How does general anaesthesia work? No one knows, but now we are close to the truth

General anaesthesia is something created by humans, tested and developed through decades. However, you may find it disturbing that we don’t really know how it works. General anaesthetics put you to sleep by reducing communication between your brain cells, but that’s pretty much all we know. Now scientists from University of Queensland think they are close to cracking the mystery.

General anaesthesia has been the better way to perform surgeries for ages, but why does it work? It is more than just putting people to sleep. Image credit: U.S. Navy photo by Capt. Jaime A. Quejada via Wikimedia

And it is a mystery. General anaesthesia has been around since 1850’s, but no one ever really knew how or why it works. A lot of research has been done to make sure our current medication is safe as possible, but its mechanism is not fully understood. Not even close. Now scientists say that the reduction of the synaptic release is the real target. Synaptic release essentially is how nerve cells communicate with each other, how the signal travels through the nerves. Previous researches claimed that general anaesthetics worked a lot like sleeping pills, acting on sleep centres in the brain.

While popular general anaesthetics like propofol does probably act on sleep centres in the brain, scientists say that its effectiveness is actually somewhere else. Scientists say that the propofol disrupts presynaptic mechanisms, cutting the communication between cells, causing a condition, which is very different from just sleeping. People don’t actually feel pain. The effect, as this research showed, is achieved by restricting the movement of syntaxin1A protein, which is required in the synapses. However, scientists do agree that common general anaesthetics put patients to sleep at first. But what does this discovery mean?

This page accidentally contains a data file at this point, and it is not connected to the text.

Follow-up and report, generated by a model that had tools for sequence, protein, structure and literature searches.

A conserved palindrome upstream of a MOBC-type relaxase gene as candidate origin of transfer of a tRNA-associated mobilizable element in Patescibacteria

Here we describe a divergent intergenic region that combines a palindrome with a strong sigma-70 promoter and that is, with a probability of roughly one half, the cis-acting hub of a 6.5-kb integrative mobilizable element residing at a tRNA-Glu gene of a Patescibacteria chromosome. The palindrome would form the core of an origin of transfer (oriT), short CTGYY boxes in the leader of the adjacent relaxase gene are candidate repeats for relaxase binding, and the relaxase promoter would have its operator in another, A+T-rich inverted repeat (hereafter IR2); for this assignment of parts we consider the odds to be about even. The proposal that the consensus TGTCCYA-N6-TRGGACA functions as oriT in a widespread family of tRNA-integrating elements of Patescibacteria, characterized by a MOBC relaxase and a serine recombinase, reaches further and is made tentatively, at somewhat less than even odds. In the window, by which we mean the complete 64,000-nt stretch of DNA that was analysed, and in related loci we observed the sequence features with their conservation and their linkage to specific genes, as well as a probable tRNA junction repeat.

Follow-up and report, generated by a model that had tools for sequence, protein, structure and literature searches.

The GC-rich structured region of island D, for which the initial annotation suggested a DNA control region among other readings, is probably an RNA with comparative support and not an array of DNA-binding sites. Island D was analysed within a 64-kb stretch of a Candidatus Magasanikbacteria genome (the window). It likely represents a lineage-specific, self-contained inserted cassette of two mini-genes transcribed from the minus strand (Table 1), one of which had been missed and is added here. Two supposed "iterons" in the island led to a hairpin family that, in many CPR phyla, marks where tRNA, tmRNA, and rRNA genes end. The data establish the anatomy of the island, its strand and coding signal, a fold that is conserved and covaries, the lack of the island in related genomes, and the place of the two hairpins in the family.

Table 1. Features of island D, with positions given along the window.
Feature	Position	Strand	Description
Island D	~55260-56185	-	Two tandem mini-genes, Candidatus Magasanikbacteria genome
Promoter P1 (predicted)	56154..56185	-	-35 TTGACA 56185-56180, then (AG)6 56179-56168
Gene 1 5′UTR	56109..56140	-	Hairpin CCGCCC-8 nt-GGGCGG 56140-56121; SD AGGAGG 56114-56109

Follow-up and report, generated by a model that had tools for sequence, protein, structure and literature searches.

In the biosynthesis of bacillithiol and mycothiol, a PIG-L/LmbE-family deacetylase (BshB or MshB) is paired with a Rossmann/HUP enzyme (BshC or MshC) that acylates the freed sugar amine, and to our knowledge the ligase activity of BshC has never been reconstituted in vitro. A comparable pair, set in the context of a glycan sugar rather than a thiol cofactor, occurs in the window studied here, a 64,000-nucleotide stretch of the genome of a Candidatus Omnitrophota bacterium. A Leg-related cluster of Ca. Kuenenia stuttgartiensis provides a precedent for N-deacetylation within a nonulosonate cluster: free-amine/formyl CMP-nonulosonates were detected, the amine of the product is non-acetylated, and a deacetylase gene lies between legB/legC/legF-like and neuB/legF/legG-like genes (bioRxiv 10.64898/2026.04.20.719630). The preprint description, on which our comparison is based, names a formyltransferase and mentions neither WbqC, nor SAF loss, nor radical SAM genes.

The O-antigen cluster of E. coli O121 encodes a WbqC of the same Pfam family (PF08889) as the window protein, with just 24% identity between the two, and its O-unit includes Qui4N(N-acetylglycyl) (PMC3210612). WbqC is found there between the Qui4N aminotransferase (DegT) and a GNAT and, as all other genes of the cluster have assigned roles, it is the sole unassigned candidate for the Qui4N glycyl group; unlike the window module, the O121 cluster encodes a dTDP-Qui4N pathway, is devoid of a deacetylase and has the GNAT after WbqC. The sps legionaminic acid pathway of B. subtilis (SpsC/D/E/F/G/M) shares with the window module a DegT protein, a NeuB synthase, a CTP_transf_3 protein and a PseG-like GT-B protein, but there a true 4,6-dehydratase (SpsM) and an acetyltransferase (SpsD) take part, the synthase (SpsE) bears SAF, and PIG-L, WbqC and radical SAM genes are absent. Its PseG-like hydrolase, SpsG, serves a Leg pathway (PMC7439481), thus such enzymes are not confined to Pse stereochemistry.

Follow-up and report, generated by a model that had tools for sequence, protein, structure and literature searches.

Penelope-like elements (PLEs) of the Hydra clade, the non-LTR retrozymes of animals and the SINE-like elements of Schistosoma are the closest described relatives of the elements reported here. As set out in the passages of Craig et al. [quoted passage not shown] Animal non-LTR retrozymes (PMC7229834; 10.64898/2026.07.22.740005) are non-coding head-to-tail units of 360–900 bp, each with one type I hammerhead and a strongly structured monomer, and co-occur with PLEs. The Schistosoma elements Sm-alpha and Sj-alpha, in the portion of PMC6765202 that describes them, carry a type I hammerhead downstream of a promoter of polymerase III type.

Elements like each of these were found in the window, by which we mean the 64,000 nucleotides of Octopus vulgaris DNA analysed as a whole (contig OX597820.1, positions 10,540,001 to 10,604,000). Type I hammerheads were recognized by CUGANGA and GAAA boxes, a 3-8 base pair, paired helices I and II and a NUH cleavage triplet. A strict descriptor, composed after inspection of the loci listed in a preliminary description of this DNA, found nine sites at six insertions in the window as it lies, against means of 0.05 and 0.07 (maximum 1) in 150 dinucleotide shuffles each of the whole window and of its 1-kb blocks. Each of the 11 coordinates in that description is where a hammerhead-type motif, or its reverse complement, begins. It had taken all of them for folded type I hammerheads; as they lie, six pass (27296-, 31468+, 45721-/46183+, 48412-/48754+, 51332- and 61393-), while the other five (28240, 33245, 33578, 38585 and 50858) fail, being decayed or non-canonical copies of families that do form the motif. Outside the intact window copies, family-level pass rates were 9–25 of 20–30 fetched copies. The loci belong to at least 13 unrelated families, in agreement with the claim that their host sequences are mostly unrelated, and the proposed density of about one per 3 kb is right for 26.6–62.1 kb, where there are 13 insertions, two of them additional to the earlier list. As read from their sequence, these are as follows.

Associate Professor van Swinderen, one of the authors of the study, said that this research will have widespread implications. He explained: “The discovery has implications for people whose brain connectivity is vulnerable, for example in children whose brains are still developing or for people with Alzheimer’s or Parkinson’s disease. It has never been understood why general anaesthesia is sometimes problematic for the very young and the old”. As is common in such researches, scientists used brain cells from mice and fruit flies for their experiments – this allows manipulating certain mechanisms. For example, fruit flies with mutations in syntaxin1A protein were more resistant to general anaesthesia.

Anaesthesia is how we do most of the surgeries. It is very important and yet it has some severe side effects. Understanding the mechanism of general anaesthesia could lead to better medicine and more accurate usage.


Source: University of Queensland

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